The New York-based owner of the Esplanade shopping mall failed to pay more than $300,000 in 2019 property taxes, resulting in Jefferson Parish taking title to two parcels of land at the Kenner shopping center — including the former Macy’s — last summer.
Kohan Retail Investment Group purchased the mall in 2018. But for the year 2019, the firm didn’t pay a $243,000 parish tax bill for one mall parcel and $57,000 for another, according to a tax sale records. When interest and penalties are factored in, Kohan owes approximately $320,000 for 2019 taxes.
But when the Jefferson Parish Sheriff’s Office investigated the 2019 default of one of the parcels — essentially the former Macy’s anchor spot at the north end — they found unpaid taxes and interest from 1992 that total another $480,000, the records show. Kohan didn’t own the mall in 1992, but is on the hook for the unpaid taxes, according to the Sheriff’s Office, which collects the taxes.
Because of the unpaid taxes, the two mall parcels came up for tax sale in August and September. There were no bidders, so the tax sale title transferred to Jefferson Parish government. Kohan has three years from the Sept. 2 date of the transfer to pay the tax bill and penalties to redeem the property. If the company takes no action, the parish could auction the property to recoup its tax loss.
Despite a national decline in department store sales and flagging mall traffic, the new owner of the once-bustling Esplanade Mall in Kenner ha…
The developments are another blow to The Esplanade, which, like malls all around the country, had struggled even before the pandemic. Opened in the early 1980s, the mall became a hub of activity in north Kenner and was a sales tax juggernaut. The mall featured restaurants, a food court, a host of popular stores and, over the years, crowd-drawing anchors such as Dillard’s, Mervyn’s and Macy’s.
But in recent years, malls across the U.S. (Metairie’s Lakeside Shopping Center being a notable exception) have falled on hard times, suffering from a wave of store closures. The Esplanade was no different. Kenner officials sought to bolster its sagging fortunes, at one point even discussing whether to house some City Hall offices in the vacant Macy’s store.
Several malls across the region have been the focus of redevelopment efforts. In Metairie, for instance, the Clearview Mall is set for a makeover that includes a 270-unit apartment complex, Ochsner Health center, outdoor event space and new retail outlets. And in Slidell, city officials have pushed the owner of the once-bustling North Shore Square mall to redevelop the moribound space.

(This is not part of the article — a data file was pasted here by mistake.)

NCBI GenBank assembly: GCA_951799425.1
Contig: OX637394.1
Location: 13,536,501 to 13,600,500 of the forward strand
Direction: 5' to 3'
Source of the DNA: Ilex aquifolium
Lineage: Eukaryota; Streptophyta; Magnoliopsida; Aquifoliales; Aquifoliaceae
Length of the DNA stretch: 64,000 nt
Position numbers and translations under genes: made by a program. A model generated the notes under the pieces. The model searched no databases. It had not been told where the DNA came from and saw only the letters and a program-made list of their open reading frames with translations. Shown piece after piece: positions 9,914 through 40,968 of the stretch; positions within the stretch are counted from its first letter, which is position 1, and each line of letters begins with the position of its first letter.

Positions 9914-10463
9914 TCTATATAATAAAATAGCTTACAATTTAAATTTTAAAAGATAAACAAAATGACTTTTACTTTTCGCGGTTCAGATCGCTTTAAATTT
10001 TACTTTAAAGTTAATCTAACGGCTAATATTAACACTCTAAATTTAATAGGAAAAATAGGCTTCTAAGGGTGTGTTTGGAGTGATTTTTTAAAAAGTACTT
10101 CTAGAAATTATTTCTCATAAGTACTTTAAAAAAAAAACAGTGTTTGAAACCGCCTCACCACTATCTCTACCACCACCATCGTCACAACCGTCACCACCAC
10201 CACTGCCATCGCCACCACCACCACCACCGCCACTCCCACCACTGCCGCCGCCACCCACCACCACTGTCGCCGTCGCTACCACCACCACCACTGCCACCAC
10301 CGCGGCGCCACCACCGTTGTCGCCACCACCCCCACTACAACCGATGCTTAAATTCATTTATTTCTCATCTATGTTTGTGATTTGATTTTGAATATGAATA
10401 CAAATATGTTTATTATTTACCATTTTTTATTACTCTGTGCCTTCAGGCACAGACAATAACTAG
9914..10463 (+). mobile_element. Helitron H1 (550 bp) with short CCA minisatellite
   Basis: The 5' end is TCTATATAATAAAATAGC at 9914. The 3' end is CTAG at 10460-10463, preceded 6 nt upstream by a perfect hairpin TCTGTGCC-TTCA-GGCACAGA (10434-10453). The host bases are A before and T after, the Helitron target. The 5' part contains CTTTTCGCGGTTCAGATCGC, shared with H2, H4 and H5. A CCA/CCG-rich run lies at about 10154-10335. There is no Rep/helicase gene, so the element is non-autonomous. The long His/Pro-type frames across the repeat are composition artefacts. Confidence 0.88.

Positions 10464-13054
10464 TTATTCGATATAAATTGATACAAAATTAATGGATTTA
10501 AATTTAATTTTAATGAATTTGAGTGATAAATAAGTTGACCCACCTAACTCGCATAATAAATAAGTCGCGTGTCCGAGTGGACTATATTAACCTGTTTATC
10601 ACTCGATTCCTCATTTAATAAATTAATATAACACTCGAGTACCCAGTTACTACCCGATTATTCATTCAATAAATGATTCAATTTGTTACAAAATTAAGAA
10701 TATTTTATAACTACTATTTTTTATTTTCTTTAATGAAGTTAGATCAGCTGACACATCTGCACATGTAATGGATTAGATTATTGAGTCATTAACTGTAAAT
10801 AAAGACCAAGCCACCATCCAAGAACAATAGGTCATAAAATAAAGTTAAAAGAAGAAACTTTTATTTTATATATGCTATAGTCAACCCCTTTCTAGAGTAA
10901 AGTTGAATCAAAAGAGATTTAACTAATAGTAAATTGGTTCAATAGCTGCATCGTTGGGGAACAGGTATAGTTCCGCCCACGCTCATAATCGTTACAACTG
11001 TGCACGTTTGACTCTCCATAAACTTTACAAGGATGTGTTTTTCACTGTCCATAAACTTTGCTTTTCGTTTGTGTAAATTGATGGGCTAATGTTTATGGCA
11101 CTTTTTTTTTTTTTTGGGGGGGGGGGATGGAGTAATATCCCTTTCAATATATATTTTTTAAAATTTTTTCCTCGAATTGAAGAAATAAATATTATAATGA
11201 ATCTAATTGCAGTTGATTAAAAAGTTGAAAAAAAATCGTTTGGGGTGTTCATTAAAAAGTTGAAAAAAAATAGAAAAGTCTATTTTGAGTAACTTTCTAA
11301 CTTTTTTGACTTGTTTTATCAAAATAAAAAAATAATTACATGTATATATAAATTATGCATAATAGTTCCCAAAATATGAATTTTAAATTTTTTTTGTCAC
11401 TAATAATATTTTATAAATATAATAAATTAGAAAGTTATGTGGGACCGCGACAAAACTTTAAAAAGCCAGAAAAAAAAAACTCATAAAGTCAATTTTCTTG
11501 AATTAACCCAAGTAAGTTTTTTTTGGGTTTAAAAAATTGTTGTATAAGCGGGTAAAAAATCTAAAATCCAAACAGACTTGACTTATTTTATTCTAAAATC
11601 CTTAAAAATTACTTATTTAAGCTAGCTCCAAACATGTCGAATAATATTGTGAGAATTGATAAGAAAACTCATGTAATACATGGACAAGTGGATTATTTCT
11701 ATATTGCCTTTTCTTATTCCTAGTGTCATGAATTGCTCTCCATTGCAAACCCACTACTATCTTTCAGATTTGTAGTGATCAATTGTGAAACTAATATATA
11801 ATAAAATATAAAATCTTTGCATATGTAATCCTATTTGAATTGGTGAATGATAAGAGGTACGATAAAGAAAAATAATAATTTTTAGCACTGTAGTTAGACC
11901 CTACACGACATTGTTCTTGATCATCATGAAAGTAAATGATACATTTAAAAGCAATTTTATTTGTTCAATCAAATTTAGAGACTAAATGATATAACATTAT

The Esplanade still has a Target, a Dillard’s, Bath & Body Works and other longtime mall staples like Footaction and Spencer’s, according to its online directory.
When Kohan bought the mall in 2018 for $9.25 million the Macy’s anchor was gone and many other spots were empty. Nevertheless, Mike Kohan and his company’s reputation for revitalizing distressed malls inspired some confidence.
“It needs attention, and we’ve got to get our hands around it sooner rather than later,” Kohan said at the time. “I believe that we are going to be able to turn this mall around, hopefully in a short period of time.”
Kohan did not return a message Wednesday for comment.
Kenner Mayor Ben Zahn said Kohan is in arrears with the city, as well.
The firm owes $14,707 in Kenner property taxes for the Macy’s parcel and $62,416 on other parcels at the mall, a city spokesperson said. There is another $43,788 in city property taxes and interest of $129,305 from 1992. The city is researching whether that could be collected, the spokesperson said.
Zahn said the pandemic put the already struggling mall deeper into trouble.
“When I came in I think it was hanging by its fingernails, but now with COVID I think it’s on life support,” he said. The tax problems are not a surprise, he said.
“It’s challenging to work with the mall owners,” he said “It doesn’t seem like it’s important to them.”